Rapid and cost-effective evaluation of new technologies is crucial to the industry achieving this expected progress. Evaluating new technologies in the regulated pharmaceutical environment can be slow and costly to both innovators and to the end-users doing the beta or evaluation testing. To reduce these challenges, BioPlan Associates has implemented a New Technology Evaluation Program (NTEP) to help kick-start innovation in bio/pharmaceutical manufacturing. The program helps ensure that the best technologies are eventually adopted by industry, even when their originators are small or resource constrained. The program benefits suppliers by providing high-value evaluations, rapidly getting new products into the right hands for testing, and coordinating multisite testing with integrated, compiled data and reporting. The program benefits those testing new products by giving them access to the most promising and cutting edge technologies while eliminating the need to deal with multiple contacts from multiple suppliers. This process can provide available data from other commercial evaluations as an unbiased resource and can rapidly integrate, publish, and disseminate these findings to industry.

Key micro-trends


  • Expect more models and analytical methods for demonstrating biosimilarity and biochemical or biophysical characterization

  • Expect more established regulations, definitions, and standards for biosimilars and biosimilarity

  • Expect bioprocess tweaks allowing for fine-tuning of biosimilars to match innovator biologics

  • Expect more quality by design and design of experiments (DoE) for all products including biosimilars

Analytical methods; assays

  • Expect simpler assay processes that increase process knowledge and speed/simplify product release

  • Expect more convenient, high-throughput assays that assess physicochemical properties of IgG /mAb clones for high level expression and therapeutic efficacy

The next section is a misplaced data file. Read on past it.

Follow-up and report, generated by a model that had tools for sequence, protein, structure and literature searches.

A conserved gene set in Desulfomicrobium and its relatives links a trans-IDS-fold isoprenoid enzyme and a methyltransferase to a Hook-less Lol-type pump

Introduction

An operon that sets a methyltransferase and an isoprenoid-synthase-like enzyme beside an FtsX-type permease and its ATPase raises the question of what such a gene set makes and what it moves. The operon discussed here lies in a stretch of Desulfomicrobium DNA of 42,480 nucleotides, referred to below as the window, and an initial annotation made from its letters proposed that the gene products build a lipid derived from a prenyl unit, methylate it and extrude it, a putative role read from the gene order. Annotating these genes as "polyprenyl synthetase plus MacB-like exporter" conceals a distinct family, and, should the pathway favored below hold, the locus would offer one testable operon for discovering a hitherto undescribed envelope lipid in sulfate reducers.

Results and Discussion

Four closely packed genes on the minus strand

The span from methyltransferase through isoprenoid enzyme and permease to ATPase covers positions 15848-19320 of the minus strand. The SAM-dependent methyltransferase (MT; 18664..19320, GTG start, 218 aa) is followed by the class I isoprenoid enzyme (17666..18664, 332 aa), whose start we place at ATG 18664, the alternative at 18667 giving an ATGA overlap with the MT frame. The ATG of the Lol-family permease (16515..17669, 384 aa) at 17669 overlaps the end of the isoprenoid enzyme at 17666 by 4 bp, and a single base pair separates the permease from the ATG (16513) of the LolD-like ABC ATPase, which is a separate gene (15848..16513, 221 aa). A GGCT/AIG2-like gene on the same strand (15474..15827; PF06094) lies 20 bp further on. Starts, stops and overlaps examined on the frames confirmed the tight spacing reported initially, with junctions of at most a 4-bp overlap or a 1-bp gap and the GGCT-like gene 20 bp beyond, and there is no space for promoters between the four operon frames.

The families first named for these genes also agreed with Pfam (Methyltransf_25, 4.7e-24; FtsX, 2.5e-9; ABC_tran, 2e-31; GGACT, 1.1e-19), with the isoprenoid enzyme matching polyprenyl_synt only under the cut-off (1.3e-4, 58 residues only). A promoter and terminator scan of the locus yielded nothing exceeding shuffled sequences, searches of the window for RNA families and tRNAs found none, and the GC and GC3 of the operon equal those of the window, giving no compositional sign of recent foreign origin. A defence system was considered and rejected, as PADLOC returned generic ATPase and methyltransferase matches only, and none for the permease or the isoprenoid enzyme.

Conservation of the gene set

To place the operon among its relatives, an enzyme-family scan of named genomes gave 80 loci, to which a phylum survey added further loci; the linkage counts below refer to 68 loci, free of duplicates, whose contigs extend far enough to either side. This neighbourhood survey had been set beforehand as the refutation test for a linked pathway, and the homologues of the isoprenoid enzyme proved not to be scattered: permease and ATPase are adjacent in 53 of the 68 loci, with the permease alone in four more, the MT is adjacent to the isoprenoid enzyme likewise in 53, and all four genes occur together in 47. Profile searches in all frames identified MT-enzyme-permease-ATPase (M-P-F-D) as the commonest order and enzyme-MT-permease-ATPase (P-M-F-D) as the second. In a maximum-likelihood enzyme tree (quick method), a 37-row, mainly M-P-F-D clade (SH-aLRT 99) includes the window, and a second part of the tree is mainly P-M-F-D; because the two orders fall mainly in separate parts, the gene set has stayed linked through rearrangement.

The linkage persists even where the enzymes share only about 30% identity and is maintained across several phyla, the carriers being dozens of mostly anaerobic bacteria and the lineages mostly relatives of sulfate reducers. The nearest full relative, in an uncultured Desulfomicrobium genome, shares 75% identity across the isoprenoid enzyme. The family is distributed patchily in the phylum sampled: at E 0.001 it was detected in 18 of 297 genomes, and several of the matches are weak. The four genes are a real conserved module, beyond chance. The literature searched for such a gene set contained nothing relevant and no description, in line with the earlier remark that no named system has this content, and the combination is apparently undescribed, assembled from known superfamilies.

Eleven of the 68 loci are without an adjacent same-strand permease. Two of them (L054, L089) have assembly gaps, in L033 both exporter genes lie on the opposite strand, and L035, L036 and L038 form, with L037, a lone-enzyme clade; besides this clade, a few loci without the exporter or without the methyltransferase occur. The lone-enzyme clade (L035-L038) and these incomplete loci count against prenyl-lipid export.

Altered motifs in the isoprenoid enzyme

• Expect more assays to demonstrate biosimilarity and analytics to demonstrate equivalent product quality

Biomanufacturing process improvements

  • Expect to do more with less—higher workloads, fewer staff, with demands for higher quality and shorter timeframes

  • Improved processing (especially downstream) will better handle 10g/L and greater expression levels

  • Improved upstream process efficiency will incrementally reduce costs, increase productivity while ensuring compliance and quality

Biomanufacturing downstream process improvements

  • Alternatives to Protein A will continue to be sought and developed

  • Need for better performing chromatography resins

  • Development of non-chromatographic recovery unit operations

  • Single-use equipment will make more inroads in downstream processing

Single-use biomanufacturing

  • More quality will be built into single-use systems and operations to further reduce regulatory activities/oversight

  • Problems of disposable bioreactors and devices will be addressed that are creating inconsistent growth because of changes in resins, film gamma irradiation, and cell line specificity

  • Expect more single-use downstream operations using membrane adsorbers

  • Expect emergence of flexible and modular biomanufacturing facilities

  • Expect better standards for leachables and extractables testing and for cell growth

  • Single-use devices facilitating large-scale bioproduction in China and other lesser-developed countries

Regulatory compliance

  • Expect processes and technologies that support lower costs of clinical and commercial supplies

  • Expect more continuous validation programs that link process development and manufacturing data

  • Expect more implementation of process controls such as process analytical technology (PAT)

Supply chain, raw materials; control and sourcing

  • Expect more development of international regulations for quality and raw materials sourcing

  • Expect more process controls that reduce impact of process or raw materials changes on quality

  • Expect decreased product defects as manufacturing facilities increase process control while lowering production costs.

Eric Langer, is president of BioPlan Associates, tel. 301.921.5979,